3. Lack of competition

The report cites that 96% (by value) of all consultancy work has been awarded to just six major international consultancy firms and that this seems to fly in the face of the government’s aspirations to develop more competition in the market. The Cabinet Office itself has been reported as aspiring to level the playing field. Its stated intention was to help small to medium sized organisations in taking on more government contracts. This would help to break up the virtual monopoly some would suggest the major players in this market have been holding for far too long.

PACs recommendations were: “The Cabinet Office should write to us within three months setting out what it will do to incorporate a wider range of consultancy firms, including SMEs, in future frameworks.

4. Spend discrepancies

The total spend on consultants at departmental and Cabinet office level seems to indicate an issue. The numbers just don’t add up. For example, the 2017-18 Cabinet Office figures say that £1.5bn was spent on consultants, but the total department level figure was £0.3bn. It is believed that this discrepancy is likely to be down to how different departments define consultancy work. This was supposed to be addressed in 2018, but it seems there is more work to do. Until then, it makes it very difficult to verify how spending on Brexit is broken down.

The PACs recommendations were: “The Cabinet Office must urgently address the increasing inconsistencies in the reporting of consultancy and professional services spending across government, ensuring that its own overall spend matches up with that reported by departments. In its Treasury Minute response to this report, the Cabinet Office should clearly set out the reasons for the discrepancies and the accurate figures. The Cabinet Office should work with departments to establish a shared definition of consultancy, ensuring that this is sufficient to exercise effective control over this area of expenditure.

Planning for the multiple eventualities of something that may or may not ever happen, means that money will inevitably be considered wasted once the actual outcomes are determined. If we end up with ‘no deal’, (subject to whether any political party has a suitable majority post the election), the consultancy spend on deal preparation will be scrutinised and probably politically weaponised.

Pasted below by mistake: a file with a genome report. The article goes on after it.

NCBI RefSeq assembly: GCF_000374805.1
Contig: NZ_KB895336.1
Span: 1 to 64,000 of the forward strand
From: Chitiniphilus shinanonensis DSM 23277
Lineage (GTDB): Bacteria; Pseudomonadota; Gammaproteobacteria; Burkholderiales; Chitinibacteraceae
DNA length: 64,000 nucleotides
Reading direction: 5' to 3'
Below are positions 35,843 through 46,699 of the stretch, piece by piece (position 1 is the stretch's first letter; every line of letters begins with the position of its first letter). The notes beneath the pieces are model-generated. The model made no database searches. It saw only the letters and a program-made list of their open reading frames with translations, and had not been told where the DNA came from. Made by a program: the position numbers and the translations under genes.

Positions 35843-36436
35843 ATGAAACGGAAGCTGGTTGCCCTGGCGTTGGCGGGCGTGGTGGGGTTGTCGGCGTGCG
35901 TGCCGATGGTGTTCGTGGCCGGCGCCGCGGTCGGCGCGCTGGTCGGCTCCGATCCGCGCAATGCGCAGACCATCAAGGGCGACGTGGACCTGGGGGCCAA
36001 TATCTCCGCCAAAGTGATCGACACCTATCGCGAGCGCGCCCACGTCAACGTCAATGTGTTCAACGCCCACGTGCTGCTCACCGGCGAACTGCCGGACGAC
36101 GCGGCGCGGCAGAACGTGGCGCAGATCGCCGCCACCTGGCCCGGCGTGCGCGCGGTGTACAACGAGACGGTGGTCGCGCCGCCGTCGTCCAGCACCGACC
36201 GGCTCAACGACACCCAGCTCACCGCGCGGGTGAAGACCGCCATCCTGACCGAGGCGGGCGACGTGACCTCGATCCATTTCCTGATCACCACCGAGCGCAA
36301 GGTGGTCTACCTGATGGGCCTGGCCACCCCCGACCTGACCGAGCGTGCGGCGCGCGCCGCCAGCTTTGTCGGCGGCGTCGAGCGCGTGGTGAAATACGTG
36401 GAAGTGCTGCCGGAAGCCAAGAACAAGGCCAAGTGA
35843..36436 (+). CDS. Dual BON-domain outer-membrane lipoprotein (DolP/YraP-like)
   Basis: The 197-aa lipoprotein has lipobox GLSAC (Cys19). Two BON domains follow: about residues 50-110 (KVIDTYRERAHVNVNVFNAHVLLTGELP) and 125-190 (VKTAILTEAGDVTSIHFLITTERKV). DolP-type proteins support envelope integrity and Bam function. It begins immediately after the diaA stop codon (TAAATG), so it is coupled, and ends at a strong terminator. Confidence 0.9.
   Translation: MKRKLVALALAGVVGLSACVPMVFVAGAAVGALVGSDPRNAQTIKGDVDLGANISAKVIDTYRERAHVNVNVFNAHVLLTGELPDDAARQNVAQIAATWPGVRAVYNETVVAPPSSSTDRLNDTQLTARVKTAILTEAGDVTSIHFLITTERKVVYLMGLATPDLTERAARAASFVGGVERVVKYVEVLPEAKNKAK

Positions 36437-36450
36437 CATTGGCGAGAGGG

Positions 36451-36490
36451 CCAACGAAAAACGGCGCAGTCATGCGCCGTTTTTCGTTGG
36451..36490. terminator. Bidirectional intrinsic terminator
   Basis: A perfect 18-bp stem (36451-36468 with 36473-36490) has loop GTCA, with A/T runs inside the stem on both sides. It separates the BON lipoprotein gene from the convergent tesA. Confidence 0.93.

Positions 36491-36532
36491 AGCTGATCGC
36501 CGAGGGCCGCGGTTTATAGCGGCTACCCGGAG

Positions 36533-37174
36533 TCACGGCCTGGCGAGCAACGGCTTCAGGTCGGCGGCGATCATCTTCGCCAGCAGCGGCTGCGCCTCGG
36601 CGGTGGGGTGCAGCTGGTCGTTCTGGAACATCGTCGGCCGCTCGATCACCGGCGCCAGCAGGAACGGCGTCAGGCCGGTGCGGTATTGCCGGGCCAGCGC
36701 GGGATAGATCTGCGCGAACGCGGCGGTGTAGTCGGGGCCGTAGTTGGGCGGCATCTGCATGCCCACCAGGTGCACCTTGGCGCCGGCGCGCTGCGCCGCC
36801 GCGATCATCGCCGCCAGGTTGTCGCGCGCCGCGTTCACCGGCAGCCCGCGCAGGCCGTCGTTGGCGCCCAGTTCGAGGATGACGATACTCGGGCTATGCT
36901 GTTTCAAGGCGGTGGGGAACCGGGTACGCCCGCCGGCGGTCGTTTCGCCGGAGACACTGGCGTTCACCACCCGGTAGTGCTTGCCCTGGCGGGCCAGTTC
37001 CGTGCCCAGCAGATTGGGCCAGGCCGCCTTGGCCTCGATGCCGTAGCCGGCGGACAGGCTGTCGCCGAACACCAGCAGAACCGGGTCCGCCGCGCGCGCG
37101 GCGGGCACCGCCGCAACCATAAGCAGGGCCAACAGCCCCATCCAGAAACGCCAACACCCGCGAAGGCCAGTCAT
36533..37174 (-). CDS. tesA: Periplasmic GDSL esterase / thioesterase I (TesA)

The same is likely to be true should a deal be agreed when it comes to ‘no deal’ preparations, and there is likely to be further fallout if Brexit does not go ahead. One thing that we do know is that some of these consultancy (and service delivery contracts) may well need to be terminated when their purpose is established to be null and void.

If something similar were to happen in your strategic relationships because of political or senior management uncertainty, how would you manage this eventuality?

Four Lessons to Achieving a Smoother Early Contract Termination

There are four-lessons we have learned through the hard-knocks of helping hundreds of clients to manage their complex major project relationships.

1. Look for answers in your contract

Hopefully, the contract you signed to bind you to your supplier for the length of the project is a clear and detailed document that provides for the eventuality of an early termination. Not all will do this, and unfortunately, this will inevitably lead to disagreements on whether, when and how a termination can occur, risking costs to budgets and reputations that could spiral.

Knowing your contract and whether it provides a roadmap to the smooth exit and transition of the relationship or not will put you in a far stronger position when you initiate a conversation on this matter. Know your rights, the costs and considerations highlighted in your contract, and enter into the negotiations for the end of your agreement with the goal of an amicable post contract relationship, top of your mind.

2. Look for reasons in execution